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The End of Engaging Facebook Campaigns?
Posted on January 29th 2013
On Tuesday 22nd January, Facebook launched a new conversion measurement and optimization system for direct response marketers. It's big, big news for marketers seeking a tangible ROI from Facebook promotions, especially adverts. Facebook’s advertising model has become increasingly sophisticated in recent years, with its flotation on the stock market no doubt a driving force behind such changes.
For those diligently integrating Facebook and other social platforms into marketing and PR strategies as a whole, massive levels of success have been achieved. Thousands of brands will testify to that. What’s harder to assess is specifically what benefit social activity has to a brand. Increased engagement? Check. A boost in positive sentiment? Absolutely. Some nice referrals to the your website? Thousands. But how much money has it made the brand? That one is a bit trickier. And to your average board member, it can be a deal breaker. Most brands cannot justify spend of any kind without demanding anything from two, three, four or even 20 times ROI.
Now, those of us approaching this from a marketing or PR perspective will know that ROI is not the critical metric to measure success on social. It just doesn’t work that way. Put simply: social is a subjective medium with objective measures. This gives rise to plethora of issues, such as whether social media should sit within PR or marketing (or both), but finding an answer to that question is not the purpose of this post. And call me cynical, but I don’t think the issue is keeping Mr Zuckerberg up at night either, hence why Facebook has launched its new offering. Its conversion measurement and optimization system will pander perfectly to those seeking the aforementioned ROI figures, but concentrating solely on such endeavors seems counter-productive and in contradiction to the very fabric of Facebook’s ethos. Facebook has always been about connecting people, allowing them to engage with brands and other people with common interests. And whilst this new offering won’t stop that happening, I think it will encourage brands to focus more time, money and effort into measurable ad spend rather than looking to forge deep, meaningful relationships with their fans. Facebook is dangling a juicy carrot in front of marketers and I fear it could cause an undesirable shift in how brands engage with their fans.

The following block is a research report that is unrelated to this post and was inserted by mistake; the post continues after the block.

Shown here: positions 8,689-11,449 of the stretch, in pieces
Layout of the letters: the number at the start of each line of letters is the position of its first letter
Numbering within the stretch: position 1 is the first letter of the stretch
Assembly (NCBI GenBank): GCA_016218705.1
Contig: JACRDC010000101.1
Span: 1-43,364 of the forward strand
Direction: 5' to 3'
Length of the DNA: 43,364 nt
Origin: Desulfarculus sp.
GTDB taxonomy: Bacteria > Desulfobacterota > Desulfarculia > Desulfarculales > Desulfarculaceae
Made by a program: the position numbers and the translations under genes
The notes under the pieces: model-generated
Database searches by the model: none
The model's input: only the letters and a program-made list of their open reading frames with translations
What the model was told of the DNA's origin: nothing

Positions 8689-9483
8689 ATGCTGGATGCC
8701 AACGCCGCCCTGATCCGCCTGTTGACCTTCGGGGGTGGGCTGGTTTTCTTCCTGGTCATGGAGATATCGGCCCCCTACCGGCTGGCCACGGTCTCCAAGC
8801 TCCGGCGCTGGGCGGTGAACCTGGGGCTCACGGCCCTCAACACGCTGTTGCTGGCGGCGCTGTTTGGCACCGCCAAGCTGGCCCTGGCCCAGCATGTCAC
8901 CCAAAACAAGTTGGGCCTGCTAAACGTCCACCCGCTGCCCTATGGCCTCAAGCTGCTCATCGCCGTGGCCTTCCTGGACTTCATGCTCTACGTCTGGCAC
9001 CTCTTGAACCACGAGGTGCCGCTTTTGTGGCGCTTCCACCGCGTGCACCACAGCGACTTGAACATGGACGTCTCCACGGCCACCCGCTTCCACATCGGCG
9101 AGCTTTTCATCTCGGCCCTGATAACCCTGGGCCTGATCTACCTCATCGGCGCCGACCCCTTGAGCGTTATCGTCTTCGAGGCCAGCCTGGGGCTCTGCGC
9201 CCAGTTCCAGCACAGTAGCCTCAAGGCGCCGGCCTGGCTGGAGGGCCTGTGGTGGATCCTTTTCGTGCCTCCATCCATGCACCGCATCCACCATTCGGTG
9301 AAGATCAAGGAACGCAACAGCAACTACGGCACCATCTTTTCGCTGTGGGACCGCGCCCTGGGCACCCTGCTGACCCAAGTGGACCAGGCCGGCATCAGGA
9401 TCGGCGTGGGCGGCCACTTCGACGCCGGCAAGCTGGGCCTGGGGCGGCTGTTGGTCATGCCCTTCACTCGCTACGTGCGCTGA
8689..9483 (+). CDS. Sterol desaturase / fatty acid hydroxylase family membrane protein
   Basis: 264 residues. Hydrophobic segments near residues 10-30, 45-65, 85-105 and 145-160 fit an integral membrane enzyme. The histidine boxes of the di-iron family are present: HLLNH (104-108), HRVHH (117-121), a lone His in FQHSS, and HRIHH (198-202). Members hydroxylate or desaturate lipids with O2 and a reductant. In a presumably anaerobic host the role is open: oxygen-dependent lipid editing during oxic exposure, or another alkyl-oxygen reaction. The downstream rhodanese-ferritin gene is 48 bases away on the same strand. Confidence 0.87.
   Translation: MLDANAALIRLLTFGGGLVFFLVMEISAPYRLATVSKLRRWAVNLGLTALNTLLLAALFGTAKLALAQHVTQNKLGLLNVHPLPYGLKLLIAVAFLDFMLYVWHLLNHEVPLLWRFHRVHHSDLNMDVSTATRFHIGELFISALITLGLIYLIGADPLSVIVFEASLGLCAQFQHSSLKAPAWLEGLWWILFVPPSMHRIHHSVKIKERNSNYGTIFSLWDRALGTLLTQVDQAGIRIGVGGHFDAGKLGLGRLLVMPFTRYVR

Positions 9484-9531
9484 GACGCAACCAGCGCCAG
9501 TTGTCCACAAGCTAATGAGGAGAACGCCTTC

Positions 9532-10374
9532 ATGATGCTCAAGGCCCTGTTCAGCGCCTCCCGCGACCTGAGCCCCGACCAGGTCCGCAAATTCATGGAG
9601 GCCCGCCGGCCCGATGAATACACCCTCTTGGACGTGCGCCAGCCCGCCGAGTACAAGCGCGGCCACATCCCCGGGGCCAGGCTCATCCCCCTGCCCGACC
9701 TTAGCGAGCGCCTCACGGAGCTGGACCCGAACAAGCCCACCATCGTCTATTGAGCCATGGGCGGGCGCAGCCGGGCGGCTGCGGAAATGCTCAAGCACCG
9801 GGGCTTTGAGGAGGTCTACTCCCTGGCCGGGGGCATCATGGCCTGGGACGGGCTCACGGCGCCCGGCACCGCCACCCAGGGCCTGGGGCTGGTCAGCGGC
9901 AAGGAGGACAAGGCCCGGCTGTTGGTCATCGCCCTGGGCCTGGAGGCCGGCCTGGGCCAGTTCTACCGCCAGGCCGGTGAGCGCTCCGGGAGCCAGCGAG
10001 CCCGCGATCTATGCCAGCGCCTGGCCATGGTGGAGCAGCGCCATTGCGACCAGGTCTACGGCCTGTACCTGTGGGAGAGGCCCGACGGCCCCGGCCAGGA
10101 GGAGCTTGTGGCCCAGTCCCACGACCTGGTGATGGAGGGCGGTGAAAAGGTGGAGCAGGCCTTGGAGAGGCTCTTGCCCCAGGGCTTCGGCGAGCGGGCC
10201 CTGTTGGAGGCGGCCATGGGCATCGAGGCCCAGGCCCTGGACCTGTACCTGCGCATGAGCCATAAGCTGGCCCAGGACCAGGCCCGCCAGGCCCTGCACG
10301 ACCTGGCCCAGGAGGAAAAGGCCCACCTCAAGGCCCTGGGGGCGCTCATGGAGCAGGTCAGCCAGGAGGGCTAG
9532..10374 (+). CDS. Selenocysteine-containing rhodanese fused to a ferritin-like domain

That said, I think there is a place for Facebook’s conversion measurement and optimization system. For brands seeking a definitive action such as a sign up or a sale, using the system in conjunction with campaigns where engagement is the core objective would provide useful additional impetus that is measurable.
To me, this new Facebook offering should be used as an addition to, not a replacement for, engagement-led campaigns. I fear that the bright lights and lure of measurable ROI might take precedence, to the detriment of truly creative, engaging campaigns. Time will tell if there is a comfortable middle ground between the two.